Sharks in The Waters!

By: Nikki M. Vasconez, Esq.

If your estate plan is 10-20 years old or you don’t have an estate plan at all, you are inviting the sharks in the water to come in and take a bite out of your cash accounts, eat up all your stock, and divvy up the rest of your goods among their shark friends! By having a solid, up-to-date estate plan, you are avoiding the sharks and ensuring that everything you’ve worked so hard to create, is passed along to whomever YOU decide.

Below are some common estate planning mishaps that will invite the sharks to the party:

1. “I’ll just put beneficiaries on everything.”

I hear this comment far too often. Now, don’t get me wrong: adding beneficiaries to some of your accounts is a great estate planning tool—when done correctly! You have to be very careful when doing this because you may unintentionally be left with unequal distribution. Let’s say you have two children and you want to leave each of them $100,000. Your Vanguard account has $100,000 and your Morgan Stanley account has $100,000. “Perfect!” you say to yourself. “I’ll leave one account to my daughter and the other to my son. That way, they’ll both get $100,000.” What happens when twenty years from now your Vanguard account has $150,000 and your Morgan Stanley account only has $50,000! The sharks just ate a huge portion of one of your child’s inheritance.

Second, your beneficiary designation may conflict with your will. Sticking with the above example, let’s say in 2010 you listed your daughter as the beneficiary of your Vanguard account and your son as the beneficiary of your Morgan Stanley account. Fast forward ten years: your daughter is doing very well and has a great job; your son is struggling a bit and could use a financial boost. You go to a lawyer to draft your will, and in your will you provide that your son shall inherit the funds from BOTH the Vanguard and Morgan Stanley accounts. Your previous beneficiary designation now conflicts with your Will. Which one controls?!… The beneficiary designation controls! Your son just lost a HUGE portion of his supposed inheritance. The sharks have struck again.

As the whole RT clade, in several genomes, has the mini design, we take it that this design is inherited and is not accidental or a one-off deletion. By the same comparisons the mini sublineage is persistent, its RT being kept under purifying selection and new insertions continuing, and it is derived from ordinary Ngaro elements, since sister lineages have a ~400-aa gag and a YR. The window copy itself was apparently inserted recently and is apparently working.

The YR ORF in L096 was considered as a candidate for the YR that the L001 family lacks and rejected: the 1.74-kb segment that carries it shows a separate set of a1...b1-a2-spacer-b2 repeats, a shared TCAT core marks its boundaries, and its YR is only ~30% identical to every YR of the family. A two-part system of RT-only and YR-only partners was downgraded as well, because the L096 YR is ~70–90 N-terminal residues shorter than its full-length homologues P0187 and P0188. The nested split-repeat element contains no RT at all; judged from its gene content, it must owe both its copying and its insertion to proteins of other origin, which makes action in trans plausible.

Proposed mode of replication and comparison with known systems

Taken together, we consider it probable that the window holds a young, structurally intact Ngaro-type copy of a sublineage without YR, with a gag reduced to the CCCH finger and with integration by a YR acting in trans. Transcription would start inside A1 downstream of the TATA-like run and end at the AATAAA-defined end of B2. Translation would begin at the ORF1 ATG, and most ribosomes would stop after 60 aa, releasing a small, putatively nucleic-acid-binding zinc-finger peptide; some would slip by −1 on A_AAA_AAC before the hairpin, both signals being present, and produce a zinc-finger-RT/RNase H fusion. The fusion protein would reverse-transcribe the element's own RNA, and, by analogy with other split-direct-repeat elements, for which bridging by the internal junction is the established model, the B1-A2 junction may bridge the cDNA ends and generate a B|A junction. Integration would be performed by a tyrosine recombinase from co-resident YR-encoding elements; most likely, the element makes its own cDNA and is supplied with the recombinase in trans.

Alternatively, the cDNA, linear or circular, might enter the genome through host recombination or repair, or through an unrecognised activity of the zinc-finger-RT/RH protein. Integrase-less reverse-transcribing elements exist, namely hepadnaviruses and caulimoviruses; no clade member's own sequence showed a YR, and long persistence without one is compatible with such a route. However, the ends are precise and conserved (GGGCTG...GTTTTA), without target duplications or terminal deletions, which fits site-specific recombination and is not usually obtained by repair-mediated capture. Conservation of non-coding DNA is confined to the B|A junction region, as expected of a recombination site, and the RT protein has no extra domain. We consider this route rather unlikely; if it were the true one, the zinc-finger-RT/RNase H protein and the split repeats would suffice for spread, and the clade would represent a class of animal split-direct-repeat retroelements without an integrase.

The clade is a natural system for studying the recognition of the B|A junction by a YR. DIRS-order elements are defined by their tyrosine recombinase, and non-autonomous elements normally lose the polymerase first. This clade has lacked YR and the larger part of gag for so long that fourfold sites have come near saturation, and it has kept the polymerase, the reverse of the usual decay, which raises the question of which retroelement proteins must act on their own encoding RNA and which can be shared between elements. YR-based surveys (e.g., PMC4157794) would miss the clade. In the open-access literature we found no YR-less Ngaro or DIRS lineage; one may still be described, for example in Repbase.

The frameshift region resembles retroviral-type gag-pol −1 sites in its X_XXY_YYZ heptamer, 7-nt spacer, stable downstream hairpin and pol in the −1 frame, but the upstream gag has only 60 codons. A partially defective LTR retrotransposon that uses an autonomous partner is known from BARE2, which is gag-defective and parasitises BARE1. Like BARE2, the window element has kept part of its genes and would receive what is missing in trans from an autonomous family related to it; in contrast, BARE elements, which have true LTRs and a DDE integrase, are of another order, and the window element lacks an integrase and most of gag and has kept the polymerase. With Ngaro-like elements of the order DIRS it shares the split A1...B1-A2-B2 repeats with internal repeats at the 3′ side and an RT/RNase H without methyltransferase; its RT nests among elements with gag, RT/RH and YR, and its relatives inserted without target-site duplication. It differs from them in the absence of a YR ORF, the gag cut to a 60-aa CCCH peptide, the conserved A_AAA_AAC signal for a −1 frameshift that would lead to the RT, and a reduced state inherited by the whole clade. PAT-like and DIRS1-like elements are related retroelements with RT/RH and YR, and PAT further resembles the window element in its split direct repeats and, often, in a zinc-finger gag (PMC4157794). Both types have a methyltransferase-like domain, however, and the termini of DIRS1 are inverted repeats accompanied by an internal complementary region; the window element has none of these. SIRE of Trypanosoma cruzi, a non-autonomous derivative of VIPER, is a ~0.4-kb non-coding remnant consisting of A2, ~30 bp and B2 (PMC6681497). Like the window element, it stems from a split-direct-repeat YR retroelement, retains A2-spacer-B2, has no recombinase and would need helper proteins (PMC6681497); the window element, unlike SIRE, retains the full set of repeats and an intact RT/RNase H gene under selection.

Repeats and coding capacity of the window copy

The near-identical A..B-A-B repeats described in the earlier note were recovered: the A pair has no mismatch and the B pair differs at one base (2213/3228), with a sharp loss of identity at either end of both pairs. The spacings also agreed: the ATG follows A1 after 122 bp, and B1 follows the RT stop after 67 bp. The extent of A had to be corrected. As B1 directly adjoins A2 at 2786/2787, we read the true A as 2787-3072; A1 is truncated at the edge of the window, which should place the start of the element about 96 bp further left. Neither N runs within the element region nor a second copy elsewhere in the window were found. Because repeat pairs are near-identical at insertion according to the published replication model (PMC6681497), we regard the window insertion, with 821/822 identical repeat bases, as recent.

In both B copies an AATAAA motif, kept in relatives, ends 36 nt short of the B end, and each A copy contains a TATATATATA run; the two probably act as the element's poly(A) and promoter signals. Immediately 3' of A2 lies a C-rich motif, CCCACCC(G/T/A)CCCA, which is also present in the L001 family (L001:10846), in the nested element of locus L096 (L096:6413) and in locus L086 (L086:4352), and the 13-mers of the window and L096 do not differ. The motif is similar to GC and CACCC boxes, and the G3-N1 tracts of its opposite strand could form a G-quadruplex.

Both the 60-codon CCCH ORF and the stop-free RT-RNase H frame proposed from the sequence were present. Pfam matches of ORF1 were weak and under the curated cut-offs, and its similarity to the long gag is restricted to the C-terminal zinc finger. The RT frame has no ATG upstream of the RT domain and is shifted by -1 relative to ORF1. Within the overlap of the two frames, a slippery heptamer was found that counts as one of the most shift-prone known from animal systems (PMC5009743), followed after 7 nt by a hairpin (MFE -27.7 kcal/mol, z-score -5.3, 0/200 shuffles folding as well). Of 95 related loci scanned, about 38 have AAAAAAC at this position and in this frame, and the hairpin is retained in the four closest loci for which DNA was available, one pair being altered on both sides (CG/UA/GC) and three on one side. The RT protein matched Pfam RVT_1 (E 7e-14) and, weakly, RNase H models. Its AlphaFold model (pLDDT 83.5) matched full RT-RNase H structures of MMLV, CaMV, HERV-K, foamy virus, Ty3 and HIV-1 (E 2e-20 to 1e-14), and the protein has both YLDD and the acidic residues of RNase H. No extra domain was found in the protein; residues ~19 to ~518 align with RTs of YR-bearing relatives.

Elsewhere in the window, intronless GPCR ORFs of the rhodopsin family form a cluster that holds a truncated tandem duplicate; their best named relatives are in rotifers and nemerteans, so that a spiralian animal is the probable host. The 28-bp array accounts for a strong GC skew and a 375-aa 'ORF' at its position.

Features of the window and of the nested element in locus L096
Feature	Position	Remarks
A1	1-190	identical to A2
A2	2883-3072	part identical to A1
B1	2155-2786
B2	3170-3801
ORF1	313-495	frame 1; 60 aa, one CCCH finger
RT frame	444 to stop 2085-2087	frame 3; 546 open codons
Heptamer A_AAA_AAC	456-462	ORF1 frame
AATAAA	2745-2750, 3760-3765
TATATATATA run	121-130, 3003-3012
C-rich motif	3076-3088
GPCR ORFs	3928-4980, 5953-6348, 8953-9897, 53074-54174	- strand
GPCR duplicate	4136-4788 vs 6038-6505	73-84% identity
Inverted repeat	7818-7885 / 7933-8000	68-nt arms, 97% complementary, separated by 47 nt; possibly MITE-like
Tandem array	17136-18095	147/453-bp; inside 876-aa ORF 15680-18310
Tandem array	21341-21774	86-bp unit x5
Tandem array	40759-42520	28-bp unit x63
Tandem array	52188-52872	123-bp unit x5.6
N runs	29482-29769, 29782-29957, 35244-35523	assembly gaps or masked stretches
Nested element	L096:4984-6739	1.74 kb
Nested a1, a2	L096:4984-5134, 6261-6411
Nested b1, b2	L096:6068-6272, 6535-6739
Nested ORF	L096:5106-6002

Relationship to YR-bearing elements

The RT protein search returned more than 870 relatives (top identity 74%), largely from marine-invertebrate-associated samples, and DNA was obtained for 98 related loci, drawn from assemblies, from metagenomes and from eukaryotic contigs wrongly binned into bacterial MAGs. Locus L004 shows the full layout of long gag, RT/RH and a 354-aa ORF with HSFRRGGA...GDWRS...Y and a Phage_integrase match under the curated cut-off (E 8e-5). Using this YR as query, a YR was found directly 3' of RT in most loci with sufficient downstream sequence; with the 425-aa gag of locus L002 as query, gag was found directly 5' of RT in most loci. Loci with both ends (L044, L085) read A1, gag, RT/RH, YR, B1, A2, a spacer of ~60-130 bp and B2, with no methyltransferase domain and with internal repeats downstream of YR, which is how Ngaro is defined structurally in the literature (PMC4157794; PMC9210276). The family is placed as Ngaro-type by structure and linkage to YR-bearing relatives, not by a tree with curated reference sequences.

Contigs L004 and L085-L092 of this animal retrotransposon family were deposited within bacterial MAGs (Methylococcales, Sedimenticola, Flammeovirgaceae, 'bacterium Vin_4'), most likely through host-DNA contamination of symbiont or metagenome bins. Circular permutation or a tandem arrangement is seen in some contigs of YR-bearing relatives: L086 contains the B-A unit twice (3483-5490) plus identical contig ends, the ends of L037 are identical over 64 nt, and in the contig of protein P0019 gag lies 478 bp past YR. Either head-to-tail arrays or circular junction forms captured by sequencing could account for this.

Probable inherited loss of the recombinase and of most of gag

2. “I’ll make everything joint.”

This is another statement I hear frequently. We run into the same issue as above with the potentiality for unequal distribution. If one account is joint with your daughter and the other joint with your son, what happens when the account balances are wildly different when you pass away?

By adding your son or daughter to your account, you’ve just given up control! If they get divorced or sued, guess where all of “your” money is going? Right out of your account into the hands of others.

If your child predeceases you, now you’re paying inheritance tax on your own money!

Lastly, if your stock is now worth a fortune and you add your daughter as joint owner, she now inherits your basis. If she ever wants to sell the stock, she’s going to be hammered with capital gains tax. BUT, if she were to simply inherit the stock when you pass, she would avoid capital gains tax entirely (this is true for a house and other investments). Be careful! You can be creating a much bigger tax for your beneficiary by making them joint on the account.

As I always say to my clients, “Love them enough not to leave a mess!” Let us help you create an estate plan that avoids all these potential sharks lurking in the water.

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HighPoint Law Offices PC

At HighPoint Law Offices we support individuals, families, and businesses of all backgrounds with estate planning services that address their unique wishes, goals, and challenges.

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